Readers like you keep news free for everyone.

More than 5,000 readers have already pitched in to keep free access to The Journal.

For the price of one cup of coffee each week you can help keep paywalls away.

Support us today
Not now
Advertisement

Michelle O’Neill calls for rainbow of cultures as she attends Eid celebration

The Sinn Féin vice president joined members of the Islamic community for the largest open air Eid event ever organised in the North.

Sinn Fein Vice President Michelle O'Neill (right) during the Eid festival at Davitt Park GAA grounds in Belfast.
Sinn Fein Vice President Michelle O'Neill (right) during the Eid festival at Davitt Park GAA grounds in Belfast.
Image: PA

Northern Ireland should be defined by its rainbow of cultures, not divisions between orange and green, Michelle O’Neill has said.

The Sinn Féin vice president was commenting as she joined members of the Islamic community to celebrate the festival of Eid in Belfast.

More than 1,000 people gathered on the pitches at Davitts GAA club in the west of the city for the largest open air Eid event ever organised in the North.

Ms O’Neill, who is line to become Stormont first minister when or if the current powersharing impasse is resolved, wore a hijab as she joined in prayers on Saturday morning.

Later, as she addressed the large crowd, the MLA hailed the Islamic community for the “generous and compassionate” contribution they have made to life in Northern Ireland for decades.

“I’m a champion of inclusion and I am here to help make this place which we all belong together a home richer in its diversity,” she said.

Ms O’Neill condemned hate crimes that have targeted Muslims in recent years.

“My colleagues have been very vocal in calling out those responsible for the attacks on the Belfast Muslim community and those outrageous acts of criminality,” she said.

“So let me say very clearly here to you all today, we will always stand beside you.

“In our shared humanity, we live in each other’s shadow, and I want you all to know that you are valued.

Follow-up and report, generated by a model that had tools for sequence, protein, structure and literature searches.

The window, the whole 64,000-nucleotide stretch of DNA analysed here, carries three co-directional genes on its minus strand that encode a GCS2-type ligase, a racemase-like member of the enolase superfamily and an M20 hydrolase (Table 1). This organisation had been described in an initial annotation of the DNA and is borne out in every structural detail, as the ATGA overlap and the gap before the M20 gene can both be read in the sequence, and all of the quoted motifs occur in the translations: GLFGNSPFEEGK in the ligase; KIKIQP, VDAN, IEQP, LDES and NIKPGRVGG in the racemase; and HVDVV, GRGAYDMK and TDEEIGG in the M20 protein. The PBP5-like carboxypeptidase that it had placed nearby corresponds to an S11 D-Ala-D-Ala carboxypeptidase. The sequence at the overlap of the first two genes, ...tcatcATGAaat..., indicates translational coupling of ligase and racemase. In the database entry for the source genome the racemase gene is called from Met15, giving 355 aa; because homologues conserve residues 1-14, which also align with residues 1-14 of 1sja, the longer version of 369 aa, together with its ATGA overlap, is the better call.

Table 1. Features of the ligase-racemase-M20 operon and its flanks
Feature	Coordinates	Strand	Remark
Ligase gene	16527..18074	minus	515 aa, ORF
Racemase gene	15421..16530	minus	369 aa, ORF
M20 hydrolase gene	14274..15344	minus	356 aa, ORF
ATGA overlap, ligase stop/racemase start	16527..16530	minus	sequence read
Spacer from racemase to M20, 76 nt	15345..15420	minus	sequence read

“I’m working to build a society, not of orange and green, but of a whole rainbow of cultures, multiculturalism, which reflects who we are and where we stand today.”

Ms O’Neill added: “It’s our responsibility as political leaders to ensure that we learn from the past, that we continue to make all of our efforts to learn from each other, to build peace, and ensure that we inspire a new generation to value this precious gift that we have, not least here on our own front door.”

Making a difference

A mix of advertising and supporting contributions helps keep paywalls away from valuable information like this article.

Over 5,000 readers like you have already stepped up and support us with a monthly payment or a once-off donation.

For the price of one cup of coffee each week you can make sure we can keep reliable, meaningful news open to everyone regardless of their ability to pay.

Muhammad Atif from the Belfast Multicultural Association praised the GAA and local community in west Belfast for helping to facilitate Saturday’s event.

“They have allowed us to be here in thousands and everybody has been very, very cooperative,” he said.

“It is one of the biggest events ever we’ve managed to do outside in the open.”

He added: “Let’s not forget this is for the community and everything we do is for the community.”

About the author:

Press Association

Read next:

COMMENTS